The Old Post Office
68 The High Street
High Street Research Team
A hundred years ago, the Postmaster was Thomas Willis Goodwin. He was born in 1861 and died in 1943, having been the Postmaster for 51 years. He is buried with his wife Agnes in the local cemetery.
Telegrams were sent and received from the Post Office in 1918. This was the quickest way for important news to be delivered at this time.
Read more about the Telegram service in Wivenhoe.
In 1906 Herbert Hart worked as a postman and he was one of the many Wivenhoe men who served in the Great War. Regrettably he was killed in France in 1916, although he is remembered on the War Memorial in the churchyard.
The Old Post Office is thought to have been built around the 1820s but the exact date is unknown.
The Post Master in 1827 was James Pratt. He died in 1853 and his executors put the property up for sale on 22nd July that year, when it sold for £330. It would appear that his daughter Miss Sarah Pratt continued in the business as she was listed as the postmistress in the 1871 census when she was 65 years of age.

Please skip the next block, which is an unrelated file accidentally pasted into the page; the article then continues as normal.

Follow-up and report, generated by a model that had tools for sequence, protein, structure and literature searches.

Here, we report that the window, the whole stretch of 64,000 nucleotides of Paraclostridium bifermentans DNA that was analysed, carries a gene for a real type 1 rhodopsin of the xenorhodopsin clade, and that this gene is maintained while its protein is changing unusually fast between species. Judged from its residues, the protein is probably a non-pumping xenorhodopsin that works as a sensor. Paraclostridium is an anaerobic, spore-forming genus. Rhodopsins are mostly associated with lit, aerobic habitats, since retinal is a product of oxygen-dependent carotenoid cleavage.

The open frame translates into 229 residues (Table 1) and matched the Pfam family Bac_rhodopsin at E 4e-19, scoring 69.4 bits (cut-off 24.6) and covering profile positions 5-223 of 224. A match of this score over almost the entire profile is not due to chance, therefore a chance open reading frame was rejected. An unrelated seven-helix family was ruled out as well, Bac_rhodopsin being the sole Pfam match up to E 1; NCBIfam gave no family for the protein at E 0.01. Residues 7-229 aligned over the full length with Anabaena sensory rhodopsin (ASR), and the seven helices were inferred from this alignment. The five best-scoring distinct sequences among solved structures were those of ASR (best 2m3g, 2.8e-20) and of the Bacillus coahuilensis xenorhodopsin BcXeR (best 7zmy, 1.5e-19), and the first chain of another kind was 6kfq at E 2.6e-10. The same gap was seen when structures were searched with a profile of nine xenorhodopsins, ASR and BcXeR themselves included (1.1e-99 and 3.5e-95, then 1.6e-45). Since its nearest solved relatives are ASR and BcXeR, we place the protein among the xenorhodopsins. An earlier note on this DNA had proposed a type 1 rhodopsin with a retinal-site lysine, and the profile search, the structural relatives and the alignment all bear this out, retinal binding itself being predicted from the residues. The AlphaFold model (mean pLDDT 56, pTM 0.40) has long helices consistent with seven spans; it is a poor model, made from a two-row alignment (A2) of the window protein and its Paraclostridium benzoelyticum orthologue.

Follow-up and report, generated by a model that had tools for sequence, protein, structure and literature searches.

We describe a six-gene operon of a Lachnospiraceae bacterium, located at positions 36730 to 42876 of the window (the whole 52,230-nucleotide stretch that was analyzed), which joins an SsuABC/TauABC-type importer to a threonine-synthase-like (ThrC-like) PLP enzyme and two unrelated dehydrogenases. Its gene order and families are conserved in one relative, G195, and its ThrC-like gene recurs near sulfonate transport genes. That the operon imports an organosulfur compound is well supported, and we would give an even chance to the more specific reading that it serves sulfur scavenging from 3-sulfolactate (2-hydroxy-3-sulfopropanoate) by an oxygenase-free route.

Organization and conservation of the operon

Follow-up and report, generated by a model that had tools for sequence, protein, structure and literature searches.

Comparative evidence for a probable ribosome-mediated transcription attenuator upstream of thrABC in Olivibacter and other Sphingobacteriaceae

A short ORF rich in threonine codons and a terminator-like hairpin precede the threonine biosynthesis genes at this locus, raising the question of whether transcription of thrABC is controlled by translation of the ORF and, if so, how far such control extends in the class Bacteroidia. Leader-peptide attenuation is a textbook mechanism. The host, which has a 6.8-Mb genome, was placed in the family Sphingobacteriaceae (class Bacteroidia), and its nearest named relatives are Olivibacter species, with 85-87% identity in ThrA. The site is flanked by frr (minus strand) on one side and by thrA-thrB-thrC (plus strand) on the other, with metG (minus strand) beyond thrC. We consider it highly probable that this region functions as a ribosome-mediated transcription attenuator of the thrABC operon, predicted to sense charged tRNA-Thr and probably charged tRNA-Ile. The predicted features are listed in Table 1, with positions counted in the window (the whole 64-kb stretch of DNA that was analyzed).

There was a daily post coach to London via Colchester in 1827. Letters from London arrived by mail cart from Colchester at half past eight in the morning. Letters to London were sent by mail cart at half past six every evening.
The Post Office closed on this site in 1996. Outside there were two red pillar boxes of different sizes known locally as Laurel and Hardy. These were moved to the new site and can still be seen outside Wyvern Stores where the Post Office is situated today.
- Wivenhoe, Its Attractions, Pleasures and Eccentrics”, Dick Barton
- Census records
- Memories of Stan Kemble, a Wivenhoe resident